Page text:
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Soviet cosmonaut, first person to perform spacewalk
In 1936, his father was arrested and declared an "enemy of the people". Leonov wrote in his autobiography: "He was not alone: many were being arrested. It was part of a conscientious drive by the authorities to eradicate anyone who showed too much independence or strength of character. These were the years of Stalin's purges. Many disappeared into remote gulags and were never seen again." The family moved in with one of his married sisters in Kemerovo. His father rejoined the family in Kemerovo after he was released. He was compensated for his wrongful imprisonment. Leonov used art as a way to provide more food for the family. He began his art career by drawing flowers on ovens and later painted landscapes on canvasses.
The Soviet government encouraged its citizens to move to Soviet-occupied Prussia, so in 1948 his family relocated to Kaliningrad. Leonov graduated from secondary school (No. 21) in 1953. He applied to the Academy of Arts in Riga, Latvia, but decided not to attend due to the high tuition costs. Leonov decided to join a Ukrainian preparatory flying school in Kremenchug; he made his first solo flight in May 1955. While at same time indulging in his passion for art by studying part-time in Riga, Leonov started an advanced two-year course to become a fighter pilot at the Chuguev Higher Air Force Pilots School in the Ukrainian SSR.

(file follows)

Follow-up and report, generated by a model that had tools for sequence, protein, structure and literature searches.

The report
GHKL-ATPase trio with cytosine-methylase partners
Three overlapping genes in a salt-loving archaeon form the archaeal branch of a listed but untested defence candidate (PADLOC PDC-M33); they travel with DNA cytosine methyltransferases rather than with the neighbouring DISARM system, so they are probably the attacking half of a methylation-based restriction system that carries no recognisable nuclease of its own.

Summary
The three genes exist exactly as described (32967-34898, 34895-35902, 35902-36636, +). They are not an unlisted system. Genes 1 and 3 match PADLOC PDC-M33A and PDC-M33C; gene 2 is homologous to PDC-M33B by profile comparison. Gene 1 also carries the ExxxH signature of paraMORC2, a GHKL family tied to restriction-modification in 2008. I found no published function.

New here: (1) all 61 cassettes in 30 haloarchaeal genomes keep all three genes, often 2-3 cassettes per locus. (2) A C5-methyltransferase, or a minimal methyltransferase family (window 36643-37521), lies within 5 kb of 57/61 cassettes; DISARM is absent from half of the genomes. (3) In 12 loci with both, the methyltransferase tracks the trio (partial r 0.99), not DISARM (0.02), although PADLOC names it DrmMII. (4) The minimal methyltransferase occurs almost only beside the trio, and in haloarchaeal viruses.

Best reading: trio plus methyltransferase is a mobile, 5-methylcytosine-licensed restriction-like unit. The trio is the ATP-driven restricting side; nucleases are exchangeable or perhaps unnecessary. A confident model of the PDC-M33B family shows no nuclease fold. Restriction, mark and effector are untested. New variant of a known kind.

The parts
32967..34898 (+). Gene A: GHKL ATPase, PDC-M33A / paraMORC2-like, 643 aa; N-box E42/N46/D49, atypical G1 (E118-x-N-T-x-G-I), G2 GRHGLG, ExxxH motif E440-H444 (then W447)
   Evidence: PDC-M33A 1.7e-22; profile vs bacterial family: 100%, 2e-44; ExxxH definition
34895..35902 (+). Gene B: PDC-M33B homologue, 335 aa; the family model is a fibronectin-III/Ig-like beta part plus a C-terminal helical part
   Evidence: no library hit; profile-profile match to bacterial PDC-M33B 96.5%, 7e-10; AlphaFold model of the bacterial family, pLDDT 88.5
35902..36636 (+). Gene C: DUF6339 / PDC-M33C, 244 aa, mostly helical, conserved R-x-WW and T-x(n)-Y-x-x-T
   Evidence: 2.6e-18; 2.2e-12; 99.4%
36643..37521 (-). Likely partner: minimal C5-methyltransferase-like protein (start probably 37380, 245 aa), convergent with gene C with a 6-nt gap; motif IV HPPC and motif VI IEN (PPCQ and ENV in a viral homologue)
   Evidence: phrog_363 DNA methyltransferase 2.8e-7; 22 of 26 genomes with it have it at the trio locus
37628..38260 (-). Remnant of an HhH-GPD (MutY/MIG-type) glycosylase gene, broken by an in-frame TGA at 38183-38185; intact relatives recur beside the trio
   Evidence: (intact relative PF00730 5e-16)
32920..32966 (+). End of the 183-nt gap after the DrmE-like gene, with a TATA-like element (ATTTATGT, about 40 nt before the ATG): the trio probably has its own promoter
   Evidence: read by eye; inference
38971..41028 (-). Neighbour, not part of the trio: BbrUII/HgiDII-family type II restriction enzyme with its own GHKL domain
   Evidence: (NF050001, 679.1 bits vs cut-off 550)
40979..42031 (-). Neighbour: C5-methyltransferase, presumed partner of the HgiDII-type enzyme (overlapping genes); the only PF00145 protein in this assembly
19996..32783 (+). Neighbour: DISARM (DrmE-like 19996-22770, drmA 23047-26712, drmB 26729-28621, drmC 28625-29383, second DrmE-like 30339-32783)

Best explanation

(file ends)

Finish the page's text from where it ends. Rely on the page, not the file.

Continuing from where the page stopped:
On 30 October 1957, Leonov graduated with an honours degree and was commissioned a lieutenant in the 113th Parachute Aviation Regiment, part of the 10th Engineering Aviation Division of the 69th Air Army in Kiev. On 13 December 1959, he married Svetlana Pavlovna a day before he moved to East Germany to his new assignment with the 294th Reconnaissance Regiment of the 24th Air Army.
Soviet space programme
Alexei Leonov (left, back row) with fellow cosmonauts in 1965
March 1965, the first space walk
He was one of the 20 Soviet Air Force pilots selected to be part of the first cosmonaut training group in 1960. Leonov was a member of the Communist Party of the Soviet Union (the only cosmonaut who was not was Konstantin Feoktistov). His walk in space was originally to have taken place on the Voskhod 1 mission, but this was cancelled, and the historic event happened on the Voskhod 2 flight instead. He was outside the spacecraft for 12 minutes and nine seconds on 18 March 1965, connected to the craft by a 4.8-metre (16 ft) tether. At the end of the spacewalk, Leonov's spacesuit had inflated in the vacuum of space to the point where he could not re-enter the airlock. He opened a valve to allow some of the suit's pressure to bleed off and was barely able to get back inside the capsule. Leonov had spent eighteen months undergoing weightlessness training for the mission.